What's the first thing many older adults say when asked if they're interested in moving to a retirement community? "I'm not ready yet!" And what's the most common thing they say once they move to a community? "I wish I'd done this 10 years ago!"

So start your discussions early. Use anecdotes or personal events as a catalyst for discussion. Even if your parents say they "aren't ready yet," opening the lines of communication will plant a seed and lay the groundwork for future discussions.

Be Positive
Answer their concerns with positives. If they say they aren't ready to downsize, explain that a smaller residence will give them the freedom to focus on doing things they want to do instead of things they have to. Home repairs and housework will be things of the past. A whole new array of interesting pastimes and new friends will await. Wellness programs will keep them at their best. Trips to shopping destinations and restaurants will be everyday events.

Encourage them to make a decision when they have the power to determine their future — and enjoy all the amenities a community might offer. By waiting, they limit their options — and risk leaving the decision to someone else.

Explain, Don't Tell
Help your loved ones understand the differences between various retirement living options, including a Continuing Care Retirement Community like Friendship Village. Share your concerns about their future, but don't tell them this is what they should do. It is ultimately their decision, and pressuring them is not likely to yield good results.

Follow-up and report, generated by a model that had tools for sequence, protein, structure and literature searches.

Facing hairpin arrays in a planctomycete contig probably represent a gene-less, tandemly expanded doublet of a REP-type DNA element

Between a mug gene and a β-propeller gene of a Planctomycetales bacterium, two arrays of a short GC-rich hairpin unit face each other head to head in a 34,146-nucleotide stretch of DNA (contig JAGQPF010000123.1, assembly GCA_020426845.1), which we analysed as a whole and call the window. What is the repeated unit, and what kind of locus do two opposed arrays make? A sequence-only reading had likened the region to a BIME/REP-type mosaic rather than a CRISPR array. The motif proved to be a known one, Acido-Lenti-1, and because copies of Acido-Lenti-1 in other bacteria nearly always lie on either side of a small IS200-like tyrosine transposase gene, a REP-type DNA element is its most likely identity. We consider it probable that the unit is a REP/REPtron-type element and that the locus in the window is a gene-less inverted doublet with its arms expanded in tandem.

Back It Up with Information
Don't just tell your loved ones they should consider moving, show them how it can benefit them. Do your research. What kind of community would best suit their preferences — and pocketbooks? Would they prefer a community grounded in a religious tradition? A brand new community or an established one with a good reputation? What best suits their financial goals — a refundable entrance fee, a rental arrangement, or a life-care plan? Check out the amenities, the contracts and the promise of care. If a Continuing Care Retirement Community is an option, look for one that's accredited by the Continuing Care Accreditation Commission.

Some communities — like Friendship Village — may guarantee your parents a home for life and discounts on care services, while others are pay-as-you-go. Some include access to different levels of care, while others may require your loved ones to move elsewhere if they ever need additional help. There's a lot to learn, and you can help them make sense of all the choices. Call the communities you want to explore for a tour and request a brochure. Check out their Web sites to learn more. You can tell a lot about an organization by how it presents itself.

Regroup and Reevaluate
If your loved ones are adamantly opposed to even exploring a move, agree to disagree. Then review your approach. Would the idea of moving be more palatable coming from someone else? Consider talking to one of their trusted friends or advisors about your concerns. Perhaps the friend could invite your loved ones to accompany him or her when they visit a community. Or, maybe the advisor could help your loved ones understand the financial or lifestyle benefits of making a move. Another possibility: Ask a Residency Counselor at a community to invite your loved ones to lunch and a tour at the community. Most will be more than happy to perform this service for you.

Respect Their Decision
Your loved ones could choose to move right away, or they may never agree unless circumstances force them into change. Regardless, it's important to respect their decision. Your relationship with your loved ones is more important than being right. Another opportunity for discussion could be right around the corner.